Cramoisi Superieur - about 80% defoliation. A usual bloom machine, it stopped blooming and still hasn't gotten back in the groove or gotten all of its leaves back.
Alister Stella Gray - didn't completely defoliate, but it was around 80%
Lamarque - 100% defoliation. I've seen it in the Earthkind brigade and just don't understand it. It always has BS, even with my normal spray program, but 100% defoliation is just ridiculous.
Lady Hillingdon - around 50%. Still bloomed, though, just looked bad.
Duchesse de Brabant - around 50%. Blooms decreased dramatically from past years.
Etoile de Lyon - during the BS event, I didn't see BS on this one and it held all of it's foliage. But after I started spraying again, this one dropped 50%. Lots of my Austins did that, too. It's like it took them a really long time to defoliate but once they did then they went whole hog.
Isabella Sprunt - I call this my 'canary rose'. It's my canary in the coal mine. This is the 1st rose to BS in my garden and it lets me know to spray before all the HTs get it. Ironically, though, it only defoliated to 50% when many of the HTs went down to nothing.
Puerto Rico - Lost about 70%. It is still leaf -less, even after 8 weeks of spraying.
Safrano - Another one of those delayed reaction roses. No leaf drop until after spraying resumed, then it lost most of them and stopped blooming. Isn't quick to leaf back out, either, it's still at 50%.
Rubens - Did OK, I guess, but I hate this rose so much that it could drop dead and I don't think I would notice.
Kronprincessin Viktoria - This rose is quick to show BS, but doesn't really defoliate.
Iceberg - Has BS right now, even after 8 weeks of spraying.
Buff Beauty - A disaster. 90% defoliation and no refoliation once I started spraying. Looks so bad that Autumnshowers laughed at it when she visited!
Abraham Darby - Didn't defoliate for a long time, but then it was around 70%. My theory with Austins is that as long as you spray every once in a while (like once a month) then they are completely healthy. That's been the case with all of mine.
I'm not trying to be negative about any of these roses. Some of them are my favorites.
redsox - BTW my daughter is a Bostonian and I'm a native New Englander - so you better back up that handle with some serious red sox spirit! - OK back to the roses.
As a recent transplant to KY (4 years now), I've learned a lot about the soil, weather and general "quirks" of this part of the country. I too believed that the limestone beneath the soil would render the soil alkaline, but it is not so. Our "undisturbed" soil is acidic, even in the underlying karst topography of south central KY - with its sinkholes and caves. I'm not sure where in KY you are but it is best to take several soil samples to your local Extension office for testing. Our particular site was abandoned farmland which was being taken over by woodland. It was important for us to test all areas where we wished to plant, including around the house foundation, by the woodland edge, and the outlying field. The pH values varied from 5.5 to 7.0. We have several sinkholes on our land signifying underground limestone caverns. Most of the stones we unearth are of early calcareous rock, almost spherical concretions, with lots of fossilized remains from an ancient sea. And yet this foundation of alkaline rock has almost no influence on the soil above.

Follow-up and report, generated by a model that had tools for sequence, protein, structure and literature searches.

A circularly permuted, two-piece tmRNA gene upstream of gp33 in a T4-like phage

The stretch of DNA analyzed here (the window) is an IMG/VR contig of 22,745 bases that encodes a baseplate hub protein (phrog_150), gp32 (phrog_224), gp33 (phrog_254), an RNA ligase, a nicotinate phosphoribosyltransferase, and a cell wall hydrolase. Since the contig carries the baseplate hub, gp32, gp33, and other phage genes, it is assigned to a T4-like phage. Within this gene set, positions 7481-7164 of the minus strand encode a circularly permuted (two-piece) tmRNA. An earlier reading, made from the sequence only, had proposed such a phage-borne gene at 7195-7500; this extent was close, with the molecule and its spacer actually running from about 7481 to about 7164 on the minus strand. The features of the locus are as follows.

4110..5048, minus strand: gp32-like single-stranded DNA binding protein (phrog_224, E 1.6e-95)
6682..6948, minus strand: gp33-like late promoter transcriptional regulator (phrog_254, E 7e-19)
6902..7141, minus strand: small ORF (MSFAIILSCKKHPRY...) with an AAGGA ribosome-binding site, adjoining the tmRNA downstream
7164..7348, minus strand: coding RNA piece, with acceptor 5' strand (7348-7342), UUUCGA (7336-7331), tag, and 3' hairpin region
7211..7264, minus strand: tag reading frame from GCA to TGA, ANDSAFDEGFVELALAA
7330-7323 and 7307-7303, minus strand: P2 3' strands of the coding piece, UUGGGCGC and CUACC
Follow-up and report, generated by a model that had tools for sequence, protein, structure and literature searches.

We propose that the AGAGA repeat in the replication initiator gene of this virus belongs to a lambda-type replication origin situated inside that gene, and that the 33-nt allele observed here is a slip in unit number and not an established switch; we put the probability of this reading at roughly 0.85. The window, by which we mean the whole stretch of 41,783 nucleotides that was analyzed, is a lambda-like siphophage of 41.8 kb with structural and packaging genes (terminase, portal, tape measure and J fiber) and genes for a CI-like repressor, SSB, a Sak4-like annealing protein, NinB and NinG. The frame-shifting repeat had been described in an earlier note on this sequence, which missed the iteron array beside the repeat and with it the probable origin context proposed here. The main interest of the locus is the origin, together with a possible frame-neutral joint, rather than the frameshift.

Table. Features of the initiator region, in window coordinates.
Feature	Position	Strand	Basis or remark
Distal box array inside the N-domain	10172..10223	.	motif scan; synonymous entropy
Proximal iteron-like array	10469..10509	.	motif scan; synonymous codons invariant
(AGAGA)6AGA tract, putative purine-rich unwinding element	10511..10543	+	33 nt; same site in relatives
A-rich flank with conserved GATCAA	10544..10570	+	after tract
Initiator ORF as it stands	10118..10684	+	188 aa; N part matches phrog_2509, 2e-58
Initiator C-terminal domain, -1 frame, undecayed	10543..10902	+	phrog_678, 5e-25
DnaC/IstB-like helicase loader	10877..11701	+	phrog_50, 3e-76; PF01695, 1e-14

Fast forward to the roses - being a transplant from NE, I've been experimenting myself, with the help of the lovely people on this forum of course - and found really no "bad" roses. I have to qualify that statement as I too never spray with any pesticides or fungicides. And as all good folks above have said - every garden, every place, is unique - even the same rose planted in your own garden may be a dud in one location, and a winner in another, or one clone of one rose may be stellar, while another withers. So take all advice with a grain of salt, and garner wisdom through your own experiences.